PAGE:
This blog post is part of our Global Legal Collection Highlights series, launched by the Law Library of Congress in an effort to introduce our readers to foreign legal systems and sources. Several blog posts on various countries have already been published, including on Thailand, Malawi, Indonesia, the European Union, Kuwait, the Russian Federation, and China. Today it is my turn to contribute to our Global Legal Collection Highlights series. The idea of this series, as is probably clear from its name, is to highlight our foreign law collection and keep In Custodia Legis readers abreast of new and/or interesting items that have been added. We have recently had posts that relate to particular legal topics by Laney (The Rule of Law in China) and George (Kuwait Business Laws), while Theresa (European Union Law), Peter (Laws of the Russian Federation), Ruth (Israeli Law) and Kelly (Indonesia Law) each highlighted recent resources more broadly for different jurisdictions.
The Law Library of Congress has many varied holdings relating to the law of the United Kingdom. I want to take a moment to highlight a part of the UK legal collection that I have frequently called upon during the course of my career at the Library: materials relating to anti-terrorism law. In the United Kingdom, unfortunately, terrorism is not a recent phenomenon and Parliament has passed numerous acts and provisions that attempt to address the threat it poses to the country. The relevant provisions are mostly contained in the criminal laws, but there are also some constitutional provisions and parliamentary procedures that play an important role.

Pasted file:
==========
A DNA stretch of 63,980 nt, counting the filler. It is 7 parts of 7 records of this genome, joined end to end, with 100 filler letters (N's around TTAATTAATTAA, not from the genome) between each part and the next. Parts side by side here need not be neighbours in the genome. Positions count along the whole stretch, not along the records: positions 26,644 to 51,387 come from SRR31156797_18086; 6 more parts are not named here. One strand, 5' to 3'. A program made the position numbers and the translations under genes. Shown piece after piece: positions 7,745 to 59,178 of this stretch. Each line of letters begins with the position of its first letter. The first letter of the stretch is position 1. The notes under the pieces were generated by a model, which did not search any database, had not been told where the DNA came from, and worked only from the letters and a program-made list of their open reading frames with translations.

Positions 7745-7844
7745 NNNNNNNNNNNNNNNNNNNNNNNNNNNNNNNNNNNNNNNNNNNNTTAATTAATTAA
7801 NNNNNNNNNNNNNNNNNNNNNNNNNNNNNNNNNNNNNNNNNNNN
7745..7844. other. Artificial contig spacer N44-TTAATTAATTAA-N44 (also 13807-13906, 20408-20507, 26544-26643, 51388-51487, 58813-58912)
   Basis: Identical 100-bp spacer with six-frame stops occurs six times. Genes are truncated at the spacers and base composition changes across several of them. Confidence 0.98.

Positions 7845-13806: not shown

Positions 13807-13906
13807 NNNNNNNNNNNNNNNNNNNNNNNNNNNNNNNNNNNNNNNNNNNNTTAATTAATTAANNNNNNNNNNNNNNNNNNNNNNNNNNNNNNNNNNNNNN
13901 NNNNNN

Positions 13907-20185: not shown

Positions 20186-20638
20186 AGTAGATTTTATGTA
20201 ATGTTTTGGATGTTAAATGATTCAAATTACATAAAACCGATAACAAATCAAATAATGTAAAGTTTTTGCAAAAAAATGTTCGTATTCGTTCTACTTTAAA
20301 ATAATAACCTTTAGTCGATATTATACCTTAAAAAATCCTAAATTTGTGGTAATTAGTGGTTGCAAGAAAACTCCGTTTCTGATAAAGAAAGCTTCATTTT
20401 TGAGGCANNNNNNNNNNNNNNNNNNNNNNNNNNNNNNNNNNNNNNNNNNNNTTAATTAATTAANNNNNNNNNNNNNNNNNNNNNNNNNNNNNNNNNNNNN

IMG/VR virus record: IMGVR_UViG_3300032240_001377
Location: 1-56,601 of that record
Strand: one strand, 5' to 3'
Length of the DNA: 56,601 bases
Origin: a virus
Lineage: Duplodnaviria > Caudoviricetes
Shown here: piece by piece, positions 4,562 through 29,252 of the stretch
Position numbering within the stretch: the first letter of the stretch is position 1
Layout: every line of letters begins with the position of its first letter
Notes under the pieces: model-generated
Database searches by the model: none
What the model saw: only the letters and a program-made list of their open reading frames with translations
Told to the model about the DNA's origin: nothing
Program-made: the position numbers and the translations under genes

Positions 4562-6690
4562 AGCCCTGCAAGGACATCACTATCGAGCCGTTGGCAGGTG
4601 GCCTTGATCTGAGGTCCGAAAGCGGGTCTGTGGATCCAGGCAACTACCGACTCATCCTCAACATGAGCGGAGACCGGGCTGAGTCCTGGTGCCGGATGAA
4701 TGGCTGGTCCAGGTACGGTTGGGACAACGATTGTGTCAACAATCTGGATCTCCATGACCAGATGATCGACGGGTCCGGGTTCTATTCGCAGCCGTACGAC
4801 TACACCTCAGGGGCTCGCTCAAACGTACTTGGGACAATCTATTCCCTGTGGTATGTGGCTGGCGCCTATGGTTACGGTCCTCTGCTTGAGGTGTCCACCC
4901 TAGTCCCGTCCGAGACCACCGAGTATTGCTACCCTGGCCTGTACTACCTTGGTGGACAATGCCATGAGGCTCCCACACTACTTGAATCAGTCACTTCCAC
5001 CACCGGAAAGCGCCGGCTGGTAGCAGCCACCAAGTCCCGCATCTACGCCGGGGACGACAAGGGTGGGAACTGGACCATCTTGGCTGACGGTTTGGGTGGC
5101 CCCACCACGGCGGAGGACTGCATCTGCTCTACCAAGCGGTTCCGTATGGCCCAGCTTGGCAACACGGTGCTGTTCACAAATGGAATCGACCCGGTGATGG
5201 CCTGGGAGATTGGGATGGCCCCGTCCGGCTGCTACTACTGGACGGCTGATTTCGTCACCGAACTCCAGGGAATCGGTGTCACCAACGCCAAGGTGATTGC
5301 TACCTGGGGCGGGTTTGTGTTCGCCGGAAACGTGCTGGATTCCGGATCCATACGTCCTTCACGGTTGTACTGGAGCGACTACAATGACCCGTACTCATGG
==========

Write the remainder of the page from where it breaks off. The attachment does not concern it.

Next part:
The most useful treatises for me when I start to write about anti-terrorism laws are known as “practitioner treatises” and I regularly use the following ones relating to criminal law:
- Blackstone’s Criminal Practice (2012 edition)
- Archbold: Pleading, Evidence, and Practice in Criminal Cases (2012 edition)
As oftentimes terrorism legislation is passed as emergency legislation, it is always good to know more about the parliamentary procedures that allow it to be pushed through. The following is the leading treatise on parliamentary procedure in the UK:
Other constitutional issues also arise when terrorism legislation is considered. The following treatise addresses some of these:
The following treatise are part of the Law Library’s collection and are specifically written to address the anti-terrorism laws of the United Kingdom:
- Clive Walker, Terrorism and the Law (2011)
- Clive Walker, The Prevention of Terrorism in British Law (1992)
- J. David Hirschel, William Wakefield, & Scott Sasse, Criminal Justice in England and the United States (2008)
- Alun Jones, Rupert Bowers, & Hugo D. Lodge, Blackstone’s Guide to the Terrorism Act 2006 (2006)
- Secretary of State for the Home Department, Counter-Terrorism Powers: Reconciling Security and Liberty in an Open Society: A Discussion Paper (2004)
- Laura K. Donohue, Counter-Terrorist Law and Emergency Powers in the United Kingdom, 1922-2000 (2001)
- Catherine Scorer, The Prevention of Terrorism Acts 1974 and 1976: A Report on the Operation of the Law (1976)
- C.A. Gearty & J.A. Kimbell, Terrorism and the Rule of Law: A Report on the Laws Relating to Political Violence in Great Britain and Northern Ireland (1995)
- Lord Carlile of Berriew, Report on the Operation in 2004 of the Terrorism Act 2000 (2004)
This last resource is just one of many reports on the operation of the main anti-terrorism statute by the independent reviewer of terrorism legislation in the UK. These reports are published annually and many of them are made freely available online by the UK government. Some are also available in the subscription databases onsite in the Law Library. There are a vast number of government papers that provide insight behind the legislation, including why the laws were drafted, considerations that were taken into account, and what the government intended to achieve as well as other options considered.
For more British legal materials held in the Library of Congress, please visit the Library’s online catalog. If you need research assistance, you can submit your questions through the Law Library’s Ask A Librarian system